Let's say the Orioles don't recover. Let's say they're buried by the All-Star break. And let's say owner Eli Jacobs' fancy Washington friends grow tired of coming to Memorial Stadium to watch a losing team.
That's your basic fire-the-manager scenario, but hold on. Frank Robinson is more entrenched in his club's hierarchy than any of his colleagues. In fact, his contract is so unusual, it complicates matters considerably.
Robinson, 55, is guaranteed a front-office position for at least one year after he departs as manager, regardless of whether he quits or gets fired. In other words, he can be dismissed, but not with a simple wave.
The unusual agreement makes Robinson seemingly immune to the enormous pressures facing other managers, but he insists that is not the case. Cleveland fired him, so did San Francisco. It can happen again.
Indeed, even if his front-office job is waiting, the Orioles could always buy him out. Robinson has emerged as a central figure in the club's management team. That doesn't mean he's a fixture.
Robinson has said he wants to manage in the new ballpark, but he does not have a long-term contract; it renews each year at both his option and the club's. His salary, believed to be in the $300,000 range, increases by set increments, and will reduce by 40 percent once he returns to the front office.
Is he secure?
"Of course not," Robinson said Wednesday before the Orioles improved their record to 7-12 entering a nine-game West Coast trip that opens tonight in California. "When you start feeling secure in this job, look out.
"I don't think anybody should ever feel secure in a job. That's when you get complacent. I can't say, 'I don't care, I'll just write out the lineup and not worry, I'm secure.' No. No way. I'm worried. I'm concerned."
About the club, that is, not his job.
"It's something that's out of my hands, out of my control," Robinson said. "If I worry about it, it will take away from what I should be concentrating on -- helping the ballclub get straightened out, get going.
"Do I think about it? Of course.
"Do I worry about it? No."
Talk-show callers will be crushed to learn that, at least for now, Robinson is safe. It's simply too early for club officials to consider making a change. If the situation doesn't improve, then it's another story.
Robinson replaced Cal Ripken Sr. after only six games in 1988, but that was under the ownership of the late Edward Bennett Williams. To this point, Jacobs has shown none of Williams' competitive fire in public. Then again, he hasn't been tested.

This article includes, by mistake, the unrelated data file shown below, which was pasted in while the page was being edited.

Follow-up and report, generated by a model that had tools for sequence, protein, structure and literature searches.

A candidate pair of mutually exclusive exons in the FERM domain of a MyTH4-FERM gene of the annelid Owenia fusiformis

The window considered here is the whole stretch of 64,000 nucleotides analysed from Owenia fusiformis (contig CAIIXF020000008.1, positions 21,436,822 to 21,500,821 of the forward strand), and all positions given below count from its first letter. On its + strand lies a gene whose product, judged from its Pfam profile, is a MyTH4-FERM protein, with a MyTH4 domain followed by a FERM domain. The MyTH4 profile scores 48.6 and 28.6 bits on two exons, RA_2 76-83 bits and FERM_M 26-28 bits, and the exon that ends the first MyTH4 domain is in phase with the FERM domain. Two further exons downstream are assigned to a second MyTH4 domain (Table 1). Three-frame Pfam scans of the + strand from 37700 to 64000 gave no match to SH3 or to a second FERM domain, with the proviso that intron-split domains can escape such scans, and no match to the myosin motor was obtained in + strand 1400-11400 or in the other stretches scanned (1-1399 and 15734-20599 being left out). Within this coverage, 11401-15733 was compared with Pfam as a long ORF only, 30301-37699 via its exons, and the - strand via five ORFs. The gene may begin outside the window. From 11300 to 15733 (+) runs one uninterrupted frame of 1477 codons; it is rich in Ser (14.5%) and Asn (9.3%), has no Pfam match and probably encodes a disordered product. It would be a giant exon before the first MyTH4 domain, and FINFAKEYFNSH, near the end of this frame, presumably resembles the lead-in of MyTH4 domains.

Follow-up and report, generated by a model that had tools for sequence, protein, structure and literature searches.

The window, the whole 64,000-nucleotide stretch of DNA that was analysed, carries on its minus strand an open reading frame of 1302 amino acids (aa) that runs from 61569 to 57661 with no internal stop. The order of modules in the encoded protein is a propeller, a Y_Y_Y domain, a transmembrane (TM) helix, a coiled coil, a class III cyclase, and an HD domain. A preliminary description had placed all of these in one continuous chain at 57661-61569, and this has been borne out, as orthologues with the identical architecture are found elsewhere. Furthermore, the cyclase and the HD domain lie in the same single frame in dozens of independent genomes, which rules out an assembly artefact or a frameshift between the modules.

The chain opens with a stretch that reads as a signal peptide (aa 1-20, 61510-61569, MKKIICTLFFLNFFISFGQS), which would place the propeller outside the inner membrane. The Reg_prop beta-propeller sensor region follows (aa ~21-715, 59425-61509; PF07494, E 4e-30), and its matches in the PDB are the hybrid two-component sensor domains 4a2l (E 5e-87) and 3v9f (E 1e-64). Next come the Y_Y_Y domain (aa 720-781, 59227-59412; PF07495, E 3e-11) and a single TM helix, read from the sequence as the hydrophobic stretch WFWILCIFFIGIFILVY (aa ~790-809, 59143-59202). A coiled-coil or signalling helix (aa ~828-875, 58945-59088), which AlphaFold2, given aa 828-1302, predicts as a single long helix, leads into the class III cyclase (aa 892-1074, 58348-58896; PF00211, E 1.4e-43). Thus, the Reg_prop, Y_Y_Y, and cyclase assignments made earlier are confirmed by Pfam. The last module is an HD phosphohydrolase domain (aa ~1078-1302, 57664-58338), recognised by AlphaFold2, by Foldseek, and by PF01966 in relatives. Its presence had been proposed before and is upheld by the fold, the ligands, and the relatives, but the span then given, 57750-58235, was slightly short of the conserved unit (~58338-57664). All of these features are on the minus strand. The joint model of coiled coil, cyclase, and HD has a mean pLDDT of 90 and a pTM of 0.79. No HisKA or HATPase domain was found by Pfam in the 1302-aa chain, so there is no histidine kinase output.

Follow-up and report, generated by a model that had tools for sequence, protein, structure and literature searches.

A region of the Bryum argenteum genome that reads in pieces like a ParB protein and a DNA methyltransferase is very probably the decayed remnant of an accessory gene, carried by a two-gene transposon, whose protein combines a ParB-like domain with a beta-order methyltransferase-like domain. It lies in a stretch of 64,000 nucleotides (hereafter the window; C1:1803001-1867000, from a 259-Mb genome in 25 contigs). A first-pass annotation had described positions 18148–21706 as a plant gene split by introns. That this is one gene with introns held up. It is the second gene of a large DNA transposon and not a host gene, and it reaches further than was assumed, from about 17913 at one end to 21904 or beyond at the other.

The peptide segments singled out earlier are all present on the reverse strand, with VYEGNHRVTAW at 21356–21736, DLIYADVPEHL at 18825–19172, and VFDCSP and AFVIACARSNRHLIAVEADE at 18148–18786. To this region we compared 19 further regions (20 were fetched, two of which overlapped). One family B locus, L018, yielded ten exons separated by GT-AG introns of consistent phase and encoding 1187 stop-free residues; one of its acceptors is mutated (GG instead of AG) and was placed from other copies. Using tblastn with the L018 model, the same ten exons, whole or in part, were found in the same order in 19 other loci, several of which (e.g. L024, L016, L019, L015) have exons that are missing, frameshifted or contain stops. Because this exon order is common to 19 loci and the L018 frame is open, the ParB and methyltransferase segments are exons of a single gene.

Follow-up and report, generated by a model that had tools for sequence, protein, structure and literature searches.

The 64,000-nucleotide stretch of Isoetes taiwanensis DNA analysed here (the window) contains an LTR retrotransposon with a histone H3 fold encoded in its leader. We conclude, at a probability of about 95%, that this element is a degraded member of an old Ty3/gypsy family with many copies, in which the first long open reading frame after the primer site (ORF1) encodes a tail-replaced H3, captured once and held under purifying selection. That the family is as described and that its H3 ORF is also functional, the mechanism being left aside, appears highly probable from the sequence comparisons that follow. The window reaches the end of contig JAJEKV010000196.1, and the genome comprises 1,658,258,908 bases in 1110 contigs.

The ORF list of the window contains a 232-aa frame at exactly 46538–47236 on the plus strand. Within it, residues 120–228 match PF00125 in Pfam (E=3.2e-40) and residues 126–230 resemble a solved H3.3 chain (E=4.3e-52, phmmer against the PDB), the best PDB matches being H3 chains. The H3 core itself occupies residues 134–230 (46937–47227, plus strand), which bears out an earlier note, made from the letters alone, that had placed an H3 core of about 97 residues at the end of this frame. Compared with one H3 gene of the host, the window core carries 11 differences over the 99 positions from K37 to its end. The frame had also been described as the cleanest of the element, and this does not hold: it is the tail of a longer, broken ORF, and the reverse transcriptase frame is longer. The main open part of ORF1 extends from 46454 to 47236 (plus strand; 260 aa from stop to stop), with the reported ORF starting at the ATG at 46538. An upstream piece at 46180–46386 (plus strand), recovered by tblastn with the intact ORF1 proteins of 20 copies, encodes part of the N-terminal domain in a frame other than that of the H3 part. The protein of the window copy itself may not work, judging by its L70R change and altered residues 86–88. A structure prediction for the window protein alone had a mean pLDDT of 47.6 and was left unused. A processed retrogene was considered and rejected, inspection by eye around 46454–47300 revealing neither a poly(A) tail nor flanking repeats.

As far as anyone can tell, his primary interest appears to be the club's profit margin. That, and entertaining high-powered government officials -- not to mention the Queen of England -- in his private box.
Jacobs hosted a party for 600 on Opening Day, but he hardly ever speaks to Robinson or any of his other baseball executives, directing nearly all team-related matters to club president Larry Lucchino.
The question is whether his demeanor would change if the Orioles suddenly became a less attractive commodity as they prepare to move into their new downtown ballpark next season.
If attendance in either Memorial Stadium or even his private box declined, Jacobs might start pressuring Lucchino to put a better team on the field. Unlike Williams, Jacobs has no allegiance to Robinson.
Then again, if the Orioles are that bad, Lucchino and general manager Roland Hemond might not need any urging. Of course, that wouldn't solve the problem of what to do with Robinson, who ultimately wants Hemond's job.
The fact is, a front-office logjam will loom as long as both Robinson and assistant GM Doug Melvin are present. Melvin, 38, also is viewed as a potential replacement for Hemond, 60, whose contract expires this year.
The most likely scenario has first-base coach Johnny Oates becoming the next manager and Hemond moving into an executive position to make room for either Robinson or Melvin. But there's no reason to believe those changes are imminent.
If Robinson gets fired, he probably would not be happy with a nebulous "special assistant" position similar to the one Williams gave him when he restructured the front office in November 1987. But he'd probably have little choice.
It's not a pleasant thought, is it?
The club solicits input from Robinson on issues as diverse as player development and stadium planning. Even talk-show callers hold him in reverence, if only for the Hall of Fame skills he exhibited as a player.
The Orioles did not make their commitment to Robinson haphazardly: They view him as an integral part of the franchise. He won't be fired after a month. Unless things truly turn sour, he won't be fired at all.